March 11, 2011

Liquefaction in an aftershock

Posted by Austin Elliott

I stumbled upon a fascinating video a couple of weeks ago showing what happens to sand volcanoes as seismic waves pass. This would have fit in either my aftershocks or my liquefaction posts from last week, but it’s both stunning and unique so I decided it deserves a post of its own.–8ybjnwk


This New Zealand man is filming sand blows forming from liquefaction of a school yard in the 22 Feb M6.3 earthquake, when a large aftershock hits. Shaking from the aftershock isn’t immediately visibly apparent, but shrieks and metallic rattling herald its onset. Once the sharp noisy shaking is over, the ground continues undulating, apparent only in the fissures opened from liquefaction. As the seismic waves from the aftershock compress, dilate, and otherwise jostle the ground, the fissures feeding the sand blows open and close, alternately squirting silty water out and drawing it back down–along with the air above.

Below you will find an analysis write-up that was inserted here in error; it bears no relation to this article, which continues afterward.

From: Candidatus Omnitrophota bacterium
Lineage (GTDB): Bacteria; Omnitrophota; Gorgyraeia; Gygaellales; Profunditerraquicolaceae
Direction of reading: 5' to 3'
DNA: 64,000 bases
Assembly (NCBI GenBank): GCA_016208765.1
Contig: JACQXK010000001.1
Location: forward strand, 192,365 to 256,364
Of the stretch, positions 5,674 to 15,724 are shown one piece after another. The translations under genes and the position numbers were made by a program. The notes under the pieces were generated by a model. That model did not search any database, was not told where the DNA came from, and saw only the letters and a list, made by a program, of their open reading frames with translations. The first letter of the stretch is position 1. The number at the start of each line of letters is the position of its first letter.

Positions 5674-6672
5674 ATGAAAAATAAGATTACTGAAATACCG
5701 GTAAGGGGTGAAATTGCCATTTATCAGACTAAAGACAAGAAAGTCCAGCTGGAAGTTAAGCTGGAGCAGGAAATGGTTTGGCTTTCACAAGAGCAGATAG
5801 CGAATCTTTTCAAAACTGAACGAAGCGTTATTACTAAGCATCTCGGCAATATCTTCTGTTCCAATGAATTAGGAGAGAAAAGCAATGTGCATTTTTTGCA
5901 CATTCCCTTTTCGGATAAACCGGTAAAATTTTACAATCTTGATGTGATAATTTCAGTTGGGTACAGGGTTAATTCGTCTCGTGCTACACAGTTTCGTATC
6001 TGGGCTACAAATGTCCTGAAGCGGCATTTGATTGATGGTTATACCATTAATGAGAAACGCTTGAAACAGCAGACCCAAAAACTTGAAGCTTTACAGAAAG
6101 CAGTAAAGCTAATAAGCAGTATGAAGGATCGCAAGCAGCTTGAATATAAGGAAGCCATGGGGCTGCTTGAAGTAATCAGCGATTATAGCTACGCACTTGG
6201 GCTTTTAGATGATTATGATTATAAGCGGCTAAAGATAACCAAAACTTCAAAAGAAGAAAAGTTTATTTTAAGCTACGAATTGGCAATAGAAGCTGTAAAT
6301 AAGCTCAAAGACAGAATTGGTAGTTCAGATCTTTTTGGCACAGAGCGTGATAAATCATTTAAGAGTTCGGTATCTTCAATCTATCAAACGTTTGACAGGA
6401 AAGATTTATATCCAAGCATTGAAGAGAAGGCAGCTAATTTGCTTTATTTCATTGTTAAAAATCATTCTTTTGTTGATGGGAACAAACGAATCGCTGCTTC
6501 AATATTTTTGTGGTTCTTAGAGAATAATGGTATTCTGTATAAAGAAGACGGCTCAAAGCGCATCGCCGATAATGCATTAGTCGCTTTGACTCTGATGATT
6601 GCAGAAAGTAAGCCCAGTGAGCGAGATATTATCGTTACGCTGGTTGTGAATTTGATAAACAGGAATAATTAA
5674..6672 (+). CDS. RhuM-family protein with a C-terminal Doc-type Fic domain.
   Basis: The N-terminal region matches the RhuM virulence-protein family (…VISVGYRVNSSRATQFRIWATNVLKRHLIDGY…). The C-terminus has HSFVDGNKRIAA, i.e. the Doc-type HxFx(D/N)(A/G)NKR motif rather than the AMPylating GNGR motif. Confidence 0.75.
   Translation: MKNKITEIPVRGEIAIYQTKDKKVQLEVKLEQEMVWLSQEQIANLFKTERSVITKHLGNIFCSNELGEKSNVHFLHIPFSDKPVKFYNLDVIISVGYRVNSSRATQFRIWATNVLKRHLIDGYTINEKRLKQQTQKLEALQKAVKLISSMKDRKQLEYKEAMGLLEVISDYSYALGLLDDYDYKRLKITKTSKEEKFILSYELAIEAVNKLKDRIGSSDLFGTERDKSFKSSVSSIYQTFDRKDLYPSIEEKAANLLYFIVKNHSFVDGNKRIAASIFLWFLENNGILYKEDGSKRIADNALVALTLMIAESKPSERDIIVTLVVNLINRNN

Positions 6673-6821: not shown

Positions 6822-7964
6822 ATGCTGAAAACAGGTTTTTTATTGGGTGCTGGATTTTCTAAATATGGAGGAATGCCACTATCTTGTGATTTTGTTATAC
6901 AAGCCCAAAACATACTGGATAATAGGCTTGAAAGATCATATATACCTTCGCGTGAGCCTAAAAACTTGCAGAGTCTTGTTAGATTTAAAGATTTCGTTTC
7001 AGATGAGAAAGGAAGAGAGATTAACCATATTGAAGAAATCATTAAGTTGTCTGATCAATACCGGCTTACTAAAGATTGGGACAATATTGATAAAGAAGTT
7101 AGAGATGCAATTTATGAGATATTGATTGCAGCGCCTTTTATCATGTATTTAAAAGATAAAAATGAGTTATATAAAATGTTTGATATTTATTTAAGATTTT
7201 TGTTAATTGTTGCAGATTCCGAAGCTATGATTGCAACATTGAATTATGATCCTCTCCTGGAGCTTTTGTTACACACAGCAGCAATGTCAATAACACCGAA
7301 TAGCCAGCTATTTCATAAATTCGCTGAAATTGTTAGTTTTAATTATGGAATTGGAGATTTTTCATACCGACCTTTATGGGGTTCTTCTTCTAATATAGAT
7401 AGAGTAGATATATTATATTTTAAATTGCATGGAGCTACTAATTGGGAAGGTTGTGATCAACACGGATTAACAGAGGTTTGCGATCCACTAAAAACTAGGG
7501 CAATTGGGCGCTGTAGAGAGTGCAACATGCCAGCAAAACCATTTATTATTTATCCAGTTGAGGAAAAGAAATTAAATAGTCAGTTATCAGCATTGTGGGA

Quite a phenomenal illustration of the ground’s undulation. The sight of this lends credence to some alleged eye-witness reports of the 1811-1812 Missouri earthquakes, which claim that as the ground heaved, “fissures opened and slammed shut… spewing water high into the air.” Reports like this (especially from random websites) tend to suffer from the telephone syndrome, in which subtle modifications by a series of reporters lead to misinformation. So take the accounts in that link with a grain of salt; perhaps I’ll compile legitimate resources on that fascinating earthquake sequence in a future post.